Financial KPIs

Beyond revenue, expenses and profit, financial organizations commonly use KPIs such as the following:

  • Gross and net profit margin, which measure how much money a company makes on sales of products.
  • Inventory turnover, which tracks how quickly products held in inventory are sold.
  • Cost of goods sold, a measure of the materials and labor costs incurred in making products.
  • Accounts receivable turnover, a ratio that quantifies how quickly payments on credit sales are collected from customers.
  • Days sales outstanding, a related metric that gauges the number of days' worth of receivables that have yet to be collected.

Thanks to artificial intelligence and machine learning, many finance teams and CFOs are adopting financial business analytics tools more frequently to increase their success with KPIs.

Marketing and sales KPIs

Organizations that focus on marketing and sales often use a wide range of KPIs, including the following:

  • Lead conversion rate, which measures the percentage of sales leads successfully turned into customers.
  • Customer acquisition cost, which calculates the average cost of acquiring new customers.
  • Return on marketing investment, which quantifies the financial payback of marketing campaigns and programs.
  • Customer lifetime value, which predicts the total profit a company is likely to make from sales to individual customers.
  • Customer churn rate, which measures how many customers stop buying a company's products.

Customer service KPIs

Key performance indicators in customer service call centers include the following:

  • First call resolution rate, which tracks the percentage of incoming customer inquiries that are addressed without the need for additional calls.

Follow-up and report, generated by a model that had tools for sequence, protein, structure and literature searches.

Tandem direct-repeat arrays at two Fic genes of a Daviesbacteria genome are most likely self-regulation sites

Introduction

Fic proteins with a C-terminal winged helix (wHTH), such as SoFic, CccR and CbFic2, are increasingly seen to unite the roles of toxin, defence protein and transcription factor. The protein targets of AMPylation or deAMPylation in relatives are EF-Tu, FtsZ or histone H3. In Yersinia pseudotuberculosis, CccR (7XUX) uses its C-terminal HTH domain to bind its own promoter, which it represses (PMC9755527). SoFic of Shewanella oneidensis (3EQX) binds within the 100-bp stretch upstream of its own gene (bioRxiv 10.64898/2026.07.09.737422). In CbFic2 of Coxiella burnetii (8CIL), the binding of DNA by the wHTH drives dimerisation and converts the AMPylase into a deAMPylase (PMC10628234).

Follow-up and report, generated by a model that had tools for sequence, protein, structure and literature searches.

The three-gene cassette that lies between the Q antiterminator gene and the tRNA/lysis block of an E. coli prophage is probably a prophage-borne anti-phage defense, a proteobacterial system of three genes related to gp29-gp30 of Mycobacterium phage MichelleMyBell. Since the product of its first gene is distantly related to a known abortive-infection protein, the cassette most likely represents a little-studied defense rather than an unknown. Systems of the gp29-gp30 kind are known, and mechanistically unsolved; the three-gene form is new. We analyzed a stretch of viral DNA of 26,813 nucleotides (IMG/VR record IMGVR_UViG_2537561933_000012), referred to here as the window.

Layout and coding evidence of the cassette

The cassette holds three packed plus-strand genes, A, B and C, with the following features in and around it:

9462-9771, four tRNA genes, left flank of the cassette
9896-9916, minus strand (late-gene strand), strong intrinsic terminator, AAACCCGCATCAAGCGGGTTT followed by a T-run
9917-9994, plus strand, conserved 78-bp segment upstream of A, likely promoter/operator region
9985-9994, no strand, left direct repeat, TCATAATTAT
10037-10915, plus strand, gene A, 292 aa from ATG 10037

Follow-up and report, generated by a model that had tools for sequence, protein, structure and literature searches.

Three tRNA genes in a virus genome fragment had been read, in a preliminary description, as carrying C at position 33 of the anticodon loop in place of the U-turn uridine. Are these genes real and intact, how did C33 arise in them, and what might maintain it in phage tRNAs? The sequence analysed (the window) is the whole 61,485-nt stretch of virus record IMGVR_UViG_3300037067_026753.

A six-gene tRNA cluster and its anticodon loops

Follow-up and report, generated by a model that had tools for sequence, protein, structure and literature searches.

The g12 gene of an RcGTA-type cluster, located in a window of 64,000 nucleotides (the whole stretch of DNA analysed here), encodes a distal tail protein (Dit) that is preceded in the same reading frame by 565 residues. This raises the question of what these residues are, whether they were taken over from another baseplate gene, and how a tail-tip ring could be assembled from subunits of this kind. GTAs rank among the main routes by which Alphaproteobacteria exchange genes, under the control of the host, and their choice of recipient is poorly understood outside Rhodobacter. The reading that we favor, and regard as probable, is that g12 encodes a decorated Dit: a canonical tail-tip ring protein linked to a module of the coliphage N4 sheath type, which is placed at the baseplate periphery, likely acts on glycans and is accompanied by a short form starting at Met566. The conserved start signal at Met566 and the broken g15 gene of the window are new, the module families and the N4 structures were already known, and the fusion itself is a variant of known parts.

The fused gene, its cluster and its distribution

• Cost per call, which quantifies the average cost of handling a call.
  • Call volume, which measures the total number of calls handled during a particular period.
  • Hold time, which measures the average time customers spend on hold waiting for representatives to answer calls.
  • Abandoned calls, a ratio expressing the number of calls terminated by customers on hold versus. the total number of calls.
  • Longer-term, preventative KPIs, such as employee engagement and knowledge base articles, are sometimes included in customer service KPIs.

Manufacturing KPIs

KPIs for manufacturing and supply chain operations include the following:

  • The percentage of defective products made by a company.
  • Manufacturing cycle time, which measures how long it takes to make products.
  • Carrying cost, which puts a value on what it costs to keep products in inventory.
  • Percentage of out-of-stock items, which tracks the number of products that aren't available in inventory when customers order them.
  • Back-order rate, which is a related metric that quantifies the number of orders that can't be filled when they're placed.
  • Return rate, which assesses the percentage of items a customer returns.

Human resources KPIs

Compensation management, labor or workforce management and recruitment are three of the primary concerns of human resource departments. As such, they often track the following key performance indicators:

  • Employee satisfaction levels.
  • Turnover rates.
  • Absenteeism rate.
  • Quality of hires.
  • Promotion rate.
  • Vacancy rates.


IT managers commonly look at the following KPIs, among others:

  • System uptime.
  • Compliance with service-level agreements.
  • Total help desk support tickets.
  • Critical bugs.
  • Server downtime.
  • On-time project completion rates.
  • Average resolution time on help desk tickets.

Industry-specific KPIs are also used in retail, healthcare and other industries. For example, a retailer might track metrics such as the average purchase value of sales transactions, while a healthcare provider might measure emergency room wait times, the average length of stay in a hospital and patient readmission rates.

Adopting the right tools can help businesses achieve customer success. Discover and compare eight popular customer success software platforms. Also, KPIs help companies gauge success. Explore 10 KPI templates for your executive dashboards.

This was last updated in May 2024